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Navigating the holidays can be stressful. Here are some tips for LGBTQ Catholics.

Views Aprille Hanson Spivey / December 22, 2022 Print this:
(Photo courtesy of Pexels/Nicole Michalou)

Gathering with relatives of different views can make the holidays stressful, but for LGBTQ Catholics, balancing the need for spiritual fulfillment during the Christmas season while celebrating with family who may not be accepting can be tough to navigate. 

Sherry Simon, a semi-retired clinical psychologist and vice chair of the Pax Christi USA National Council, has counseled several LGBTQ Catholic youth and young adults, as well as their families, throughout her more than 30 years in full-time practice. She said listening, de-escalating conflict, finding a safe space, knowing when to walk away and clinging to the simplicity of the Christmas story can help LGBTQ Catholics find joy in the season. 

“I think the symbol of that manger is everything because it is a humble beginning, and it is a family on the margins, a poor family who doesn’t even have a space and a home to have this child,” Simon said. “The LGBTQ community, more than anyone else in this day and time, can, I believe, understand that, because they are the folks who are on the margins more than anyone else these days, especially within the church.” 

De-escalating conflict

According to a 2019 survey, 76 percent of American Catholic respondents said society should accept homosexuality. The Catechism of the Catholic Church calls for LGBTQ people to be treated with “respect, compassion and sensitivity,” but it also describes homosexual acts as “intrinsically disordered.” This juxtaposition can creep up in Catholic family holiday gatherings, particularly for relatives with more traditional religious views. 

Skye Hart, the music director at a Catholic parish in Arizona, identifies as gay and suggests setting boundaries with family members or opting to spend Christmas with a chosen family instead.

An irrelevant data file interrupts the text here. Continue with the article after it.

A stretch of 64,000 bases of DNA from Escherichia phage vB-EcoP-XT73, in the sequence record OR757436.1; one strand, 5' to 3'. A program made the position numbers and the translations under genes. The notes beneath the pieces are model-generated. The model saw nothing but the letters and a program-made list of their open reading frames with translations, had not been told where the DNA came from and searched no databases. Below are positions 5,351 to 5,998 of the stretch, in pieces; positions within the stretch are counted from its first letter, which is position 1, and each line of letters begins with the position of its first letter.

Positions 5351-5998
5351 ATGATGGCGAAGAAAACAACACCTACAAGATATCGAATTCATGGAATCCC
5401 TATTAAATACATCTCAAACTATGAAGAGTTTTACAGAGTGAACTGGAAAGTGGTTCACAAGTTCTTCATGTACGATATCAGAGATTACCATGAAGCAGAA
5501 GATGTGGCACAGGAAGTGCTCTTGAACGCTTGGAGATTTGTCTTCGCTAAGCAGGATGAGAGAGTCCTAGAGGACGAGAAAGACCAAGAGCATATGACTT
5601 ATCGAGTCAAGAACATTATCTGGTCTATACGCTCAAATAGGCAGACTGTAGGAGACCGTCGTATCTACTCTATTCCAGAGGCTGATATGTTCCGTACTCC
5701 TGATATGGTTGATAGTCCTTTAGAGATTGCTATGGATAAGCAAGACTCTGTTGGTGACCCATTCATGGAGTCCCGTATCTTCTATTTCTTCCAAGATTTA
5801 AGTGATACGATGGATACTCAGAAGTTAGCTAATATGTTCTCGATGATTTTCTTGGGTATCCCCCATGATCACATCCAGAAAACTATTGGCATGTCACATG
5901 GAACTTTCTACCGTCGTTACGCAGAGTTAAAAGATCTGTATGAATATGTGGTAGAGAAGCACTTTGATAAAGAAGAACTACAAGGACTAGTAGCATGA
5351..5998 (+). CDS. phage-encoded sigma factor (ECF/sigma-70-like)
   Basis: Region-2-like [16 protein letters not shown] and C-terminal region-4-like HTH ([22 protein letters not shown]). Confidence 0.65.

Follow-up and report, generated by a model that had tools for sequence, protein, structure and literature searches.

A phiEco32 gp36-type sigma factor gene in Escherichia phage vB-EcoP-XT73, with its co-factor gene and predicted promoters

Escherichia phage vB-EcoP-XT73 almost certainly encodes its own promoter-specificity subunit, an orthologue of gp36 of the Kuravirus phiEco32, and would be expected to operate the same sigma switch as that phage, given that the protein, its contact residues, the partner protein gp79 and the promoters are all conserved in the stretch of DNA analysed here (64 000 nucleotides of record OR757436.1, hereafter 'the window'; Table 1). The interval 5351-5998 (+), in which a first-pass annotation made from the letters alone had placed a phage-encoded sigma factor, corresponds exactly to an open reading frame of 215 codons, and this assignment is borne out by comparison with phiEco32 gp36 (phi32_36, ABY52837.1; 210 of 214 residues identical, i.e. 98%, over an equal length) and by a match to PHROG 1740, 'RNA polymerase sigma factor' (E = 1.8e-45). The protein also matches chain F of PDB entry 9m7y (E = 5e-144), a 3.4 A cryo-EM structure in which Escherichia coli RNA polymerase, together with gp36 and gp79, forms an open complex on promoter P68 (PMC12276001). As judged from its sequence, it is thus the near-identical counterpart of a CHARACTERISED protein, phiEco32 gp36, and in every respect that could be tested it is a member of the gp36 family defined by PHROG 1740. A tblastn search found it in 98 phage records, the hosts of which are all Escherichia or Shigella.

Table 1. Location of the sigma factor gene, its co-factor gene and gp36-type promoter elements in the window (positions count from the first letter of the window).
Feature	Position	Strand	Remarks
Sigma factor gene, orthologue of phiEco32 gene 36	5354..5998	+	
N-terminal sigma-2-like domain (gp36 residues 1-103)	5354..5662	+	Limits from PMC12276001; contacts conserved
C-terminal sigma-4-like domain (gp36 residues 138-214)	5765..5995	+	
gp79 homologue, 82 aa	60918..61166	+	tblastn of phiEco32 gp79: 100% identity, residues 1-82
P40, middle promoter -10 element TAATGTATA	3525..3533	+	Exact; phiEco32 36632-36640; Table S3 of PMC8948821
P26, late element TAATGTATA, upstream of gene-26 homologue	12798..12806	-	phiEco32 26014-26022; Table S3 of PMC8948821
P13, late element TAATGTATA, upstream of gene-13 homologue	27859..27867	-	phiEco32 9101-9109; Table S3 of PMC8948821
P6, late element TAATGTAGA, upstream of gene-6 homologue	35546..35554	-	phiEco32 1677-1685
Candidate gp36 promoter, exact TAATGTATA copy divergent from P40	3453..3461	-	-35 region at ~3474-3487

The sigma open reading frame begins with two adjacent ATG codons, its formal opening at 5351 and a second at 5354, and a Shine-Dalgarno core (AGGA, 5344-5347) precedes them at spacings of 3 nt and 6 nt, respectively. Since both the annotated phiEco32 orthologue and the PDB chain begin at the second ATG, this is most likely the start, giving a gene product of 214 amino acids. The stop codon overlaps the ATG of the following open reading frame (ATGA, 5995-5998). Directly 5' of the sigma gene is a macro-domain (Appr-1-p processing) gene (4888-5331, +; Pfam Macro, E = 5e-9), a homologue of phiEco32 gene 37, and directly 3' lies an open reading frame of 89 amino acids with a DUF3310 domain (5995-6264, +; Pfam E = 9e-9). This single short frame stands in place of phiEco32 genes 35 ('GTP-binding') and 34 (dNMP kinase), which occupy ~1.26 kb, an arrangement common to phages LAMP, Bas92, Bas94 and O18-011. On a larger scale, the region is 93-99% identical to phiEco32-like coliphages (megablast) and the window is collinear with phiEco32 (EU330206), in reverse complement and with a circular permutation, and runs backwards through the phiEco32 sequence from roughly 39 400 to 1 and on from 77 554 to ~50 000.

“I think somewhere in the spirit of Christmas is forgiveness and learning to accept others, and yourself, even,” said Hart. “That doesn’t mean you’re not going to have boundaries. When you’re in the situation of estrangement or a tense relationship with family, I think it’s important to surround yourself with … your family of choice. Don’t isolate yourself if you can help it.” 

Simon said if a relative launches into an anti-LGBTQ tirade, it speaks more to their fear.

Listening, de-escalating conflict, finding a safe space, knowing when to walk away and clinging to the simplicity of the Christmas story can help LGBTQ Catholics find joy in the season. 

“If you can take a deep breath and listen, that’s hard. But listen to this person and employ something that I call ‘reflective listening,'” she said. “You repeat to them what they’ve said, ‘So you believe that all LGBTQ individuals are going to hell, right? That’s what you believe,’ rather than responding to it with an argument.

She also said if the conversation does not de-escalate with simple listening, take a mental health time-out. 

“Simply say, ‘I’m so sad that we don’t see eye-to-eye on this and I hope you’ll get to know me better someday, so you’ll realize who I really am and that I’m not who you think I am.’ And then just go away from them.”

Healthy vs. Unhealthy

Keeping calm and non-defensive in the face of anger can help diffuse arguments. Another unhealthy situation could be if multiple family members come together to confront and criticize one individual. It is spiritually and mentally healthy to walk away, if needed.

“If you’re feeling overwhelmed by the amount of anger in the room, you can be pretty sure that’s unhealthy. Because you didn’t do anything to deserve that,” Simon said. 

A healthier situation for LGBTQ Catholics is if relatives are open to asking questions in a way that does not try to dictate or tell someone who they are or are not.